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We Need To Talk

Counselors say couples should discuss what’s important to them, how they will share responsibilities and how they plan to handle money before tying the knot.

Before you ride off into the sunset with your beloved, remember that married life isn’t always a fairy tale. You will eventually face some tough situations, but you could avoid some of the pitfalls with a few honest discussions before  you say “I do.” Here, Winter Park-based relationship counselors Dawn Lipthrott and Carol Mikulka, M.D., guide you through some of the most important questions you and your fiancé should discuss before the big day arrives.

How can we know what we both want out of marriage?
Lipthrott: I like for couples to write out their ‘ingredients’ of what would be in an ideal marriage. That helps identify the expectations and the things that are important to each person. A lot of times, one member of a couple doesn’t realize what is important to the other—something will be a surprise. Even if it’s not a surprise, they have an opportunity to discuss how to make those ingredients part of their life.
Whenever I say, ‘We need to talk,’ my partner turns into a deer in headlights. How should I initiate an important conversation with my future spouse?
L: Tell your partner, ‘I have something important to discuss, is this a good time?’ If it is, talk about it then. If it’s not, set a time within 24 hours to come back and talk about it. Don’t say, ‘We’ll talk about it later,’ because later never happens. Once you sit down to talk, do it in private—without the TV, without the cell phones—so you’re giving full attention to each other. One person should talk; the other should listen without interrupting. Before the second person responds, he or she should sum up what he or she heard as the main points of what the first person said. Say what makes sense; whether you agree is a different story. Then the other person should respond, not in rebuttal but with his or her own point of view of what it means to them and why. When you can help your partner understand why something is important, you have more options for addressing the real problem underneath.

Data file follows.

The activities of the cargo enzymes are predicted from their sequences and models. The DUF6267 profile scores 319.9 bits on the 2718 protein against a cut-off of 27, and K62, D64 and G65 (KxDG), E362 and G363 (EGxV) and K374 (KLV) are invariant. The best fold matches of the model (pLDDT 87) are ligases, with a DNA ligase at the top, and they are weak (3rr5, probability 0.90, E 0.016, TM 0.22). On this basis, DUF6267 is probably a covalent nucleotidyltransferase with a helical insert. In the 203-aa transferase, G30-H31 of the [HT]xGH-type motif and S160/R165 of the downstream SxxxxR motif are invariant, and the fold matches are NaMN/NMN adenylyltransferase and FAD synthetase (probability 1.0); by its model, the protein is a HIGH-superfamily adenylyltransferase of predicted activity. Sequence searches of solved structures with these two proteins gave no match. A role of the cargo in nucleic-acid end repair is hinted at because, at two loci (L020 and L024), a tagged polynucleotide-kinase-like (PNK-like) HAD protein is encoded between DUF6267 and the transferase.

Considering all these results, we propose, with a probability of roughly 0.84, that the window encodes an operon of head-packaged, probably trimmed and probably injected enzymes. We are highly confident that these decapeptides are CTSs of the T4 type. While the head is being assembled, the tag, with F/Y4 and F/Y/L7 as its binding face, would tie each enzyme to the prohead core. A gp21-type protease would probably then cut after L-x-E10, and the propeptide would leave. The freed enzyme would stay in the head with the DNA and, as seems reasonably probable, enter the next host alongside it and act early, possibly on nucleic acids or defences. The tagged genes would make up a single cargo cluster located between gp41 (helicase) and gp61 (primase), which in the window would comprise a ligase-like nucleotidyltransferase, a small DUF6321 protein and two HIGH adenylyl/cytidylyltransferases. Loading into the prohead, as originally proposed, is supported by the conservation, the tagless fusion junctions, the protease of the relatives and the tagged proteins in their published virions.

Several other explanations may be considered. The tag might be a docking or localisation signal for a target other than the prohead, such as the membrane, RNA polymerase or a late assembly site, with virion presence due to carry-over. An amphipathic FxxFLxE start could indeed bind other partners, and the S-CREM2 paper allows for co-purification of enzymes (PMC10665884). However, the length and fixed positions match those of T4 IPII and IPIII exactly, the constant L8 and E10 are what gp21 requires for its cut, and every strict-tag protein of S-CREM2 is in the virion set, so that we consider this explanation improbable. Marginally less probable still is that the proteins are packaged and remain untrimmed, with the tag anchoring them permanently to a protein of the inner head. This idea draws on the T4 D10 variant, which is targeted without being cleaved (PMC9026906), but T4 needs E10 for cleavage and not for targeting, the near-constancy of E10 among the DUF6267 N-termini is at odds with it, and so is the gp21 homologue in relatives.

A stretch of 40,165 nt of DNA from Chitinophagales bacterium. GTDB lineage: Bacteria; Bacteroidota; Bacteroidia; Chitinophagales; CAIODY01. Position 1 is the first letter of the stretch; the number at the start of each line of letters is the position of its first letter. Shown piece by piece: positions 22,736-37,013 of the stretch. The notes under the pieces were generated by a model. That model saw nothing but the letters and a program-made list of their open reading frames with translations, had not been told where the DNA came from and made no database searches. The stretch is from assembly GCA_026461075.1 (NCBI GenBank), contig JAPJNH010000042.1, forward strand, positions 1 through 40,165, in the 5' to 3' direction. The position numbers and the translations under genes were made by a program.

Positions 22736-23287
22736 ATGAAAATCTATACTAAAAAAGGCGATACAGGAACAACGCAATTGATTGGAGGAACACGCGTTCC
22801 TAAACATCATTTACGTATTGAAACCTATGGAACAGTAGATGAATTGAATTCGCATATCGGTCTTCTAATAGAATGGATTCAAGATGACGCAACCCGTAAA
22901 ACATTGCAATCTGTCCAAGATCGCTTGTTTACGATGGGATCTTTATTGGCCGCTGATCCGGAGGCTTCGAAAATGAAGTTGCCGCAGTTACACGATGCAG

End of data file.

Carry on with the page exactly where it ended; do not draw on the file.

We’ve both managed money well on our own. Is it really important for us to talk about how we’ll manage it as a couple?
Mikulka: Full disclosure is very important in the beginning. In certain situations, a prenuptial agreement makes sense and in others it doesn’t. Prenuptials can have a positive or negative impact on the relationship. If financial problems like overspending are not disclosed and discussed early on, then they will come up.
L: I think it’s helpful to talk about what couples have learned about money in their lives, what money means to them, their hopes, how they’ll divide the responsibilities in achieving those, and how to set up the finances, bill payments, bank accounts. Couples need to discuss their attitudes toward saving and spending, and even things like what decisions are OK to make without consulting each other.
How do children change a marriage?
L: Children change the whole dynamic for the first few years, because babies require constant attention. All the time the couple had to hang out changes and more attention is going to the child, sometimes by both parents and sometimes by the primary caretaker, while the other partner feels like they’re receiving less attention. It’s even more difficult when a couple doesn’t have family or close friends to call in for a date night or time for themselves.

I’m concerned about domestic life; my fiancé doesn’t like to pitch in with chores. How can I address my frustration without starting a fight?
M: Maybe five times in your married life you have to put your foot down and say, ‘This isn’t OK with me.’ The sooner it happens in the marriage, the better, so there isn’t this fragility or fear that if I stand up for myself he’s going to leave. Set your boundaries early in the marriage and look at the relationship not as fragile but as a mutual relationship based on growth and respect. How are your needs going to be met if you can’t say, ‘If you don’t start cooking a few nights a week I’m going to kill you’? When you do that, the validation is when your partner sees the importance and says, ‘I’ll do this for you.’

Why should we think about our communication skills before we get married?
M: Most people don’t end up in therapy until there’s a problem. Listening and validating the other person’s view and feeling like you’ve been heard are critical in any relationship, whether it’s with a spouse, boss or friend. Sometimes we’re so afraid of being wrong that we have to defend ourselves. I always tell people you can either be married or you can be right; you can’t be both. You have to be prepared to be wrong half the time.

Dawn Lipthrott is a licensed clinical social worker and Carol Mikulka is a psychiatrist.  n

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